Thoughts I Have During Yoga

^^ Art by Gemma Correll.^^

Sometimes the biggest challenge of taking a yoga class is staying present. I move into my first sun salutation and suddenly my mind is running laps as if in the next hour it’s responsible for solving all of the world’s great problems.

For instance, how many times a year does Zara have a big sale?

Despite practicing yoga for ten years now, I still have classes where my mind is anywhere but with my yoga mat Alfred (named after the butler in Batman). Suddenly, with a little time to myself, I begin to process every thought/feeling/ponderment that has ever crossed my path. Health insurance packages, to do lists, awkward social interactions, philosophical debates, the meaning of last night’s nightmare (seriously, can ukelele music  be sinister?), Anna Farris and Chris Pratt splitting up, the last time I took a vitamin — the list is endless.

On one hand, yoga is a very emotional activity. By moving through its familiar poses, I’m often surprised by the waves of emotion that wash up. Old regrets, insecurities, long buried grudges or cringeworthy memories. I let them wash in and out like waves before giving myself permission to set them down. They’re just unnecessary to keep carrying around.

On the other hand, the practice of yoga is quite mental. Yes, you’re working to build a strong body, but more importantly, you’re training yourself to be present within a given moment. But in the age of hyperconnectivity, it’s a hard one to shake off. It’s something I’m actively working on in class because when my mind starts to wander, it’s hard to reign back in.

And while I haven’t yet mastered the art of meditation, I thought I might as well share the random yoga thoughts I’ve had over the years. Because no matter how many crow poses you accomplish, you’re still never above the worry of crotch sweat stains. 

^^ Art by Sarah Andersen. ^^

How does my yoga teacher make it here at 7am with such pep? I can barely drag myself across the street. Oh shoot, did I brush my teeth?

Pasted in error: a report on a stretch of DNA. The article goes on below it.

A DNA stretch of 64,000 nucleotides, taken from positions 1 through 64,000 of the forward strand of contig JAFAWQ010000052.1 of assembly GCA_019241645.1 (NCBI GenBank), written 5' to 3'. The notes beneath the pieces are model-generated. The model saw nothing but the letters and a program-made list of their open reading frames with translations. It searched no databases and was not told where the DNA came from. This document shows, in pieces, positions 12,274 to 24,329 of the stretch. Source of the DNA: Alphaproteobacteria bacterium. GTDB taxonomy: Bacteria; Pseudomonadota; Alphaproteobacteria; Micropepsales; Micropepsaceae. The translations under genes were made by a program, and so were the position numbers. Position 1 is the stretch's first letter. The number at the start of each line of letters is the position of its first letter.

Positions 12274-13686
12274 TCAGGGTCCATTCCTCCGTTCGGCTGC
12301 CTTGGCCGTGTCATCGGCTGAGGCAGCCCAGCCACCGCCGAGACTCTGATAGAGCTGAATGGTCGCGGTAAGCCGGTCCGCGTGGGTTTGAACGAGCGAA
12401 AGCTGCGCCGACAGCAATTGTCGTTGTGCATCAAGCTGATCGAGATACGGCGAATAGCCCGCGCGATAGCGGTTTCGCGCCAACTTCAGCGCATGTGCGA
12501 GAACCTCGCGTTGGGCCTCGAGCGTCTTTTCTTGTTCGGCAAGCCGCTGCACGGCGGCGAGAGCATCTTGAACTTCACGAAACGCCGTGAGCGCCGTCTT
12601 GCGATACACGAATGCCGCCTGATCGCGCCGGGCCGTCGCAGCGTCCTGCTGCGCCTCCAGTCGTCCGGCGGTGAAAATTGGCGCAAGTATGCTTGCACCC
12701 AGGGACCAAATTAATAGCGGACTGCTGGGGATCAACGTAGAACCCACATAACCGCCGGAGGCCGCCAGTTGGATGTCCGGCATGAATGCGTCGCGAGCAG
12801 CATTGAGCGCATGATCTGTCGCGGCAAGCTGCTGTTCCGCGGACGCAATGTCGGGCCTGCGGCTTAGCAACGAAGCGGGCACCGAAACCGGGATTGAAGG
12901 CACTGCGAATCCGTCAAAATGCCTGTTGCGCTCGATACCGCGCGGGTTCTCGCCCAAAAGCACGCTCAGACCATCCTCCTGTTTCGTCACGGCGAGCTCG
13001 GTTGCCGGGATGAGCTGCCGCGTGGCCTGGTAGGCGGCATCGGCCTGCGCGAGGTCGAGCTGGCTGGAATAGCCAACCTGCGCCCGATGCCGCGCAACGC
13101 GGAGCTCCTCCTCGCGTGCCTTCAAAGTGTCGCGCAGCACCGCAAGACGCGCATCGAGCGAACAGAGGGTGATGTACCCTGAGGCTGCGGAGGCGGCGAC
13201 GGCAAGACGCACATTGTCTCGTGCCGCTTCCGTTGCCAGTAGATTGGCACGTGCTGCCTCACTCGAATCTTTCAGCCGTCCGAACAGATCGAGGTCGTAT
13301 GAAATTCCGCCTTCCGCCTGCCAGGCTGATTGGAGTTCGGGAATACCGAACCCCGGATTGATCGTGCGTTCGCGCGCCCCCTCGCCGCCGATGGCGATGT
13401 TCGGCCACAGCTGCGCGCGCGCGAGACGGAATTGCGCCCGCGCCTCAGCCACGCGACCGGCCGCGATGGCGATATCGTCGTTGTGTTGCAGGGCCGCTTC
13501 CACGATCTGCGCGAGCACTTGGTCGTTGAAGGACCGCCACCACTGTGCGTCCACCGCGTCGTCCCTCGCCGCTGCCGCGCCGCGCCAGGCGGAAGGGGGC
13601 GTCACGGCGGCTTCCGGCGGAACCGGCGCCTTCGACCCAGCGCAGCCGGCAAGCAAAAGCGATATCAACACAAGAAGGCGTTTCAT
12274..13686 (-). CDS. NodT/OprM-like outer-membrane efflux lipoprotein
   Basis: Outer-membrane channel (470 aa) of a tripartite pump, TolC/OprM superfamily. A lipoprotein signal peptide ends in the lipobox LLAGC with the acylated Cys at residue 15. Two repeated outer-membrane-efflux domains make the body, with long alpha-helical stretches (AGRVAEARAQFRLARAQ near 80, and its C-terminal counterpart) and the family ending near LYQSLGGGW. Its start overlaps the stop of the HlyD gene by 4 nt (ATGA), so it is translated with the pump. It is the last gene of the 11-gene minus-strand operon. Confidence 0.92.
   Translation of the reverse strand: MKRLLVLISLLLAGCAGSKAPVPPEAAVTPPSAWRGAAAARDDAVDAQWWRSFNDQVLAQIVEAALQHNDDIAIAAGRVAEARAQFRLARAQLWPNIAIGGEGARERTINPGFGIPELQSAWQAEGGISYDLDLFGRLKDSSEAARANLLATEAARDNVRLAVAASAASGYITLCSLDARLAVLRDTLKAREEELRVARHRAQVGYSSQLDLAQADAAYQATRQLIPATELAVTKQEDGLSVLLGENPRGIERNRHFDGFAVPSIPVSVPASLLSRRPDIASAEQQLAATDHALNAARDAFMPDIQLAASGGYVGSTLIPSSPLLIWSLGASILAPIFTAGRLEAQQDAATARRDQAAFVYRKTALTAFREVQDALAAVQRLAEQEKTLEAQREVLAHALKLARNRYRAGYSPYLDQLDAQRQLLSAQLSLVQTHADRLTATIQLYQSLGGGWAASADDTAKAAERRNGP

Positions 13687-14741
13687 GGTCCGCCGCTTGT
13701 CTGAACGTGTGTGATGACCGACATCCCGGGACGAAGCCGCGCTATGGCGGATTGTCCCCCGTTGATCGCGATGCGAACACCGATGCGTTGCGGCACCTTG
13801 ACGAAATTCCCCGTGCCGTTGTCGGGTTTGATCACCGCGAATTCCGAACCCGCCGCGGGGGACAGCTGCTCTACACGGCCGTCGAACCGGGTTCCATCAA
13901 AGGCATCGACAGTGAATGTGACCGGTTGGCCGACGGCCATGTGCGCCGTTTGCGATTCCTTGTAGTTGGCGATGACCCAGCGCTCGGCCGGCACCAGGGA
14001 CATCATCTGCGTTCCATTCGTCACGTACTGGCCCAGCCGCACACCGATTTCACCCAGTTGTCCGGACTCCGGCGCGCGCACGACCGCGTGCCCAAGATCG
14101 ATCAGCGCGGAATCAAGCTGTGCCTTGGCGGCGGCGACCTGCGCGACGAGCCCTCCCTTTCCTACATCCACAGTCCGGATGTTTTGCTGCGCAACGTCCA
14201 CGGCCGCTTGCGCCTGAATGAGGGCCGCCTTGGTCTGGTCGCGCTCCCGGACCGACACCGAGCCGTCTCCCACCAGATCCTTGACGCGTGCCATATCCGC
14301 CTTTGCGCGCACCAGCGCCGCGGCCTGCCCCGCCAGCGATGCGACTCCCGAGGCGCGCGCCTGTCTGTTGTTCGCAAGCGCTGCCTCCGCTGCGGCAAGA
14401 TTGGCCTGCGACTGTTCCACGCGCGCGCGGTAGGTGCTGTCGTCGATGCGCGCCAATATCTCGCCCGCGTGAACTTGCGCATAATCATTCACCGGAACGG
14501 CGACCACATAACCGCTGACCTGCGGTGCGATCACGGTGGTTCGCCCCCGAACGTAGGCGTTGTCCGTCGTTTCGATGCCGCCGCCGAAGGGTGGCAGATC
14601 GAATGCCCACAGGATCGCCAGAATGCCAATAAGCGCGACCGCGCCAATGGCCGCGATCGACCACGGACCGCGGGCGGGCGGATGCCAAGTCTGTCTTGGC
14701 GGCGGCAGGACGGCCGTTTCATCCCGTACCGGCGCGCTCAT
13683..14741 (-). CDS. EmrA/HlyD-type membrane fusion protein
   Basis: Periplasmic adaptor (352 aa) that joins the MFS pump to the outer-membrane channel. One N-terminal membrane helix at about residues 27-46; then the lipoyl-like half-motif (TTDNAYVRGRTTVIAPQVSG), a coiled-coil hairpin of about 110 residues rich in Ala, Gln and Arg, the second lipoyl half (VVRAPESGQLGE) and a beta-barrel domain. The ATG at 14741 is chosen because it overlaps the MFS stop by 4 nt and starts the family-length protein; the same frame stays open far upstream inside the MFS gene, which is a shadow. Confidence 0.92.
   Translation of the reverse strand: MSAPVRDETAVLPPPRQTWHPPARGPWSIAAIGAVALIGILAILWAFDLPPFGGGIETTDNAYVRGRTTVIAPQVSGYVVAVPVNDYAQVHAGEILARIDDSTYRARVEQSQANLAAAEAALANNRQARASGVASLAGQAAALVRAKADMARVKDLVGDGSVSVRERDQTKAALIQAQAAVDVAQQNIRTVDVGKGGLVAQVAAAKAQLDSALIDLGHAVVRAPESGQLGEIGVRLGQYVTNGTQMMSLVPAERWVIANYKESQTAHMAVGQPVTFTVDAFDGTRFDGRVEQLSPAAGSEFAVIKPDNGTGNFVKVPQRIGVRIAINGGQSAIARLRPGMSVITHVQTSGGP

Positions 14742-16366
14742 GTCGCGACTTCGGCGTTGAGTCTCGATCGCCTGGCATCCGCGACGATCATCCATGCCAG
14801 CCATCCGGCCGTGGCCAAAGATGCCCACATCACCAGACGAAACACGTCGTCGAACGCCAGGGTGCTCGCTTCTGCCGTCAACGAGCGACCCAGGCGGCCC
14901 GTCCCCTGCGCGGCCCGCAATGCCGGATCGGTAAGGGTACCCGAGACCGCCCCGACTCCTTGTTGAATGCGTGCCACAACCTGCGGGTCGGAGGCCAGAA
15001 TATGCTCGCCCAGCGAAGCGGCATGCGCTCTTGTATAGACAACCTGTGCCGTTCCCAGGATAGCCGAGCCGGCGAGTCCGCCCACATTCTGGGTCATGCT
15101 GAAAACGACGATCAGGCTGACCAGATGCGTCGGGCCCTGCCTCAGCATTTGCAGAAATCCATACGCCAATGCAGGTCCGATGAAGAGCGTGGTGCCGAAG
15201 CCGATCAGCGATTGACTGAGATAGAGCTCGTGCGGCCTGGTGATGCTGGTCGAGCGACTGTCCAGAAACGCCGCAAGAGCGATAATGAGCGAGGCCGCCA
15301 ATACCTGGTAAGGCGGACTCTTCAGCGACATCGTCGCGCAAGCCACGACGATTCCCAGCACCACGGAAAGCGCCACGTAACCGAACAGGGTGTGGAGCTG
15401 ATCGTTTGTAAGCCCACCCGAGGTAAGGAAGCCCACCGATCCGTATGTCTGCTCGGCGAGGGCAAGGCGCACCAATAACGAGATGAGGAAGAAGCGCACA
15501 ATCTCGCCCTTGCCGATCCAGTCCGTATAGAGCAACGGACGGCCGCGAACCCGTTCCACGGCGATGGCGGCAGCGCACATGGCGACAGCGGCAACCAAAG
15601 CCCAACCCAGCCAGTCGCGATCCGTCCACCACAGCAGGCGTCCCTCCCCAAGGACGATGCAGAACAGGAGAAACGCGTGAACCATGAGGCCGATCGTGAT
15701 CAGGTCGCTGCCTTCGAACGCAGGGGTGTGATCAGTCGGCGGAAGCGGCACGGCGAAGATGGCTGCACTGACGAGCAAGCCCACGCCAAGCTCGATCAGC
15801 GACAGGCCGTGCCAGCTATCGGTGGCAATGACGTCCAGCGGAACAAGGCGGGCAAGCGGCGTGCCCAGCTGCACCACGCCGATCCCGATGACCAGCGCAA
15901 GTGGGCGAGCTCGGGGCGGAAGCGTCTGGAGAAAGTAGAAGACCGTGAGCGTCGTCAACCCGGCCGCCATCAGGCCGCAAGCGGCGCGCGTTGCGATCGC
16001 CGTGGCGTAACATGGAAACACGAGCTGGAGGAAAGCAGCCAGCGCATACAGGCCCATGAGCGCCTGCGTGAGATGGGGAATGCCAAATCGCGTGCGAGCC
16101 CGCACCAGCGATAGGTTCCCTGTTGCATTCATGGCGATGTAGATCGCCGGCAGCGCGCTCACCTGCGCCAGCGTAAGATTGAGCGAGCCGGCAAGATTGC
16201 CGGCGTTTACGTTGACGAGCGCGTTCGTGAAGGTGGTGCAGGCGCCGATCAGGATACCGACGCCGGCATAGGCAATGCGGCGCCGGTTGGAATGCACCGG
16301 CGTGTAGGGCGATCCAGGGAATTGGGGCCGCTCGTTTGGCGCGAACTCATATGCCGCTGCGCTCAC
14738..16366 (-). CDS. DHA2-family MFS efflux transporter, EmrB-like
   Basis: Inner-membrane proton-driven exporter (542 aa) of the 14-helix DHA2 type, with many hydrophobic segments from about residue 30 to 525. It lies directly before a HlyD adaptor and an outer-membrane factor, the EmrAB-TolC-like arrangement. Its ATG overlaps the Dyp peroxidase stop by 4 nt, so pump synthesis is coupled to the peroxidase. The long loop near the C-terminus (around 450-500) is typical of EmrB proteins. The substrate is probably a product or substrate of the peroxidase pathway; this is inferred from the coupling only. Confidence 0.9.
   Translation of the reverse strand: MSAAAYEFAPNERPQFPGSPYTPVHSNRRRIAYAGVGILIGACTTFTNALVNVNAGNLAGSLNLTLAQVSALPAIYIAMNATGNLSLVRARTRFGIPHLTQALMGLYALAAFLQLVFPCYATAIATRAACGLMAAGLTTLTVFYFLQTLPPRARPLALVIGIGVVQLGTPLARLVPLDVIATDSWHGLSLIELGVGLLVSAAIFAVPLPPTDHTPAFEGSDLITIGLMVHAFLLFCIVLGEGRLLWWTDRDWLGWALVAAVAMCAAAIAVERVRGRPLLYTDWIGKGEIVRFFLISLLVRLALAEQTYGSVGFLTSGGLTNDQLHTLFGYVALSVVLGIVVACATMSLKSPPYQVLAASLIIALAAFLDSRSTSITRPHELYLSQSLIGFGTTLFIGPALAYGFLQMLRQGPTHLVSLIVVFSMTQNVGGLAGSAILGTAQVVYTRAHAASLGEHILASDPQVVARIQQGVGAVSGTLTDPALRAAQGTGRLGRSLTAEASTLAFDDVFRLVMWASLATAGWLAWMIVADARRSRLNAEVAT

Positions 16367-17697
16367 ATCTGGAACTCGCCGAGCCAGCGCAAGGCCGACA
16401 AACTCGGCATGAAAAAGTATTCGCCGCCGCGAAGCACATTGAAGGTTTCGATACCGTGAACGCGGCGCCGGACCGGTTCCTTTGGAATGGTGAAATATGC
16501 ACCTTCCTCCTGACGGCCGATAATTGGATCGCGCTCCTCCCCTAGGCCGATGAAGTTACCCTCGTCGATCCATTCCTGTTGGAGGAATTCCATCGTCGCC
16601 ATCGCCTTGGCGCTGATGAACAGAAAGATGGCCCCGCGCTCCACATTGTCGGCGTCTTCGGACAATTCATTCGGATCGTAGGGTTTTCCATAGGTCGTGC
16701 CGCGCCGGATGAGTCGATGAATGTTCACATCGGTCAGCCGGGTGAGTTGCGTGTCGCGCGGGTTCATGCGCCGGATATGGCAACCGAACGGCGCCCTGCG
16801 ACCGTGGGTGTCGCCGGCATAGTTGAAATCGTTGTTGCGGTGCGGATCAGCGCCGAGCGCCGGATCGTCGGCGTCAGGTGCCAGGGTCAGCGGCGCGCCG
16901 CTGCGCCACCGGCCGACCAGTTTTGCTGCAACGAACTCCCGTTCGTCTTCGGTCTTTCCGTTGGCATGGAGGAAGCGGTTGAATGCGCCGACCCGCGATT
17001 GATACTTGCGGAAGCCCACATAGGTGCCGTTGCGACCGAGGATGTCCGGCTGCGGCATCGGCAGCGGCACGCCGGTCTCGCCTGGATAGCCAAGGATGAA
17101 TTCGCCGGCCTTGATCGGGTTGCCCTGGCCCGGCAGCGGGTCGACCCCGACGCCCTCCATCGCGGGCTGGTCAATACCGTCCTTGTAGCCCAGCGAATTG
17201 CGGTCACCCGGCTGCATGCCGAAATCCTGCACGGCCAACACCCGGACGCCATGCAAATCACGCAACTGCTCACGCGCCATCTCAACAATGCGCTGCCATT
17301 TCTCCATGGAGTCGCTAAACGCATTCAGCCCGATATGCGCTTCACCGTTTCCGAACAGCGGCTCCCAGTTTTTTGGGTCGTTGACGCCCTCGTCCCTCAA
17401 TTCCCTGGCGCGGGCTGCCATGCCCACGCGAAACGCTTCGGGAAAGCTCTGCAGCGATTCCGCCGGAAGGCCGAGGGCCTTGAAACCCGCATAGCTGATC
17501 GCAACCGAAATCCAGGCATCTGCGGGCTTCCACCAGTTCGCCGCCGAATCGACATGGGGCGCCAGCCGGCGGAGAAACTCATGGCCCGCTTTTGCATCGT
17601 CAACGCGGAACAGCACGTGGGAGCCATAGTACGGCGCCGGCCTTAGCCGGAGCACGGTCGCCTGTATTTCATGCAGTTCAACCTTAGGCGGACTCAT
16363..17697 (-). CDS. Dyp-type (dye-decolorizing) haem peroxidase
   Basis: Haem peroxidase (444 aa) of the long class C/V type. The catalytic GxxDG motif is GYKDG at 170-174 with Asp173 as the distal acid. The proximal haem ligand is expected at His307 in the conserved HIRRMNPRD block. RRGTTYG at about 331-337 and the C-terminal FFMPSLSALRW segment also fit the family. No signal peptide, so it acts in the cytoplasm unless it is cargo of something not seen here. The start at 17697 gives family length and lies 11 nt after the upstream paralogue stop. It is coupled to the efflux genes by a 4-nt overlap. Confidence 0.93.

Did I put on deodorant?

I should run a 5K. Wait, it’s winter, so maybe after that? Do people still run in the winter? That’s kind of overachieving of them. I bet they also match their underwear and their bras everyday AND get weekly manicures. Yeah, that’s too much, I’ll wait till spring to reevaluate this.

I am a warrior.

Am I on Instagram too much?

You know what would solve all the “Riverdale’s” problems? Better communication! Christ, I’m not getting on this Betty and Jughead breakup train yet again when all this could have been avoided if the pair had just talked about Betty joining the serpents.

Wait, wait, back to my intention. What was it again? Being present? No, maybe something about opening my heart. Yeah, yeah, open that heart!

Am I a good cat mum?

Am I doing enough? Writing enough? Everyone else seems so much more accomplished.

I wonder what Muppet I’d be … (haven’t solved this one yet).

If I have over 100 unread books in my house and I make the goal of reading 50 per year, then I should be through them in three years. But do I get more books in between then? Maybe I should just quit my job and become a professional reader.

Am I pitching enough stories? And why aren’t any getting picked up? This might be worse than asking people on dates and getting rejected.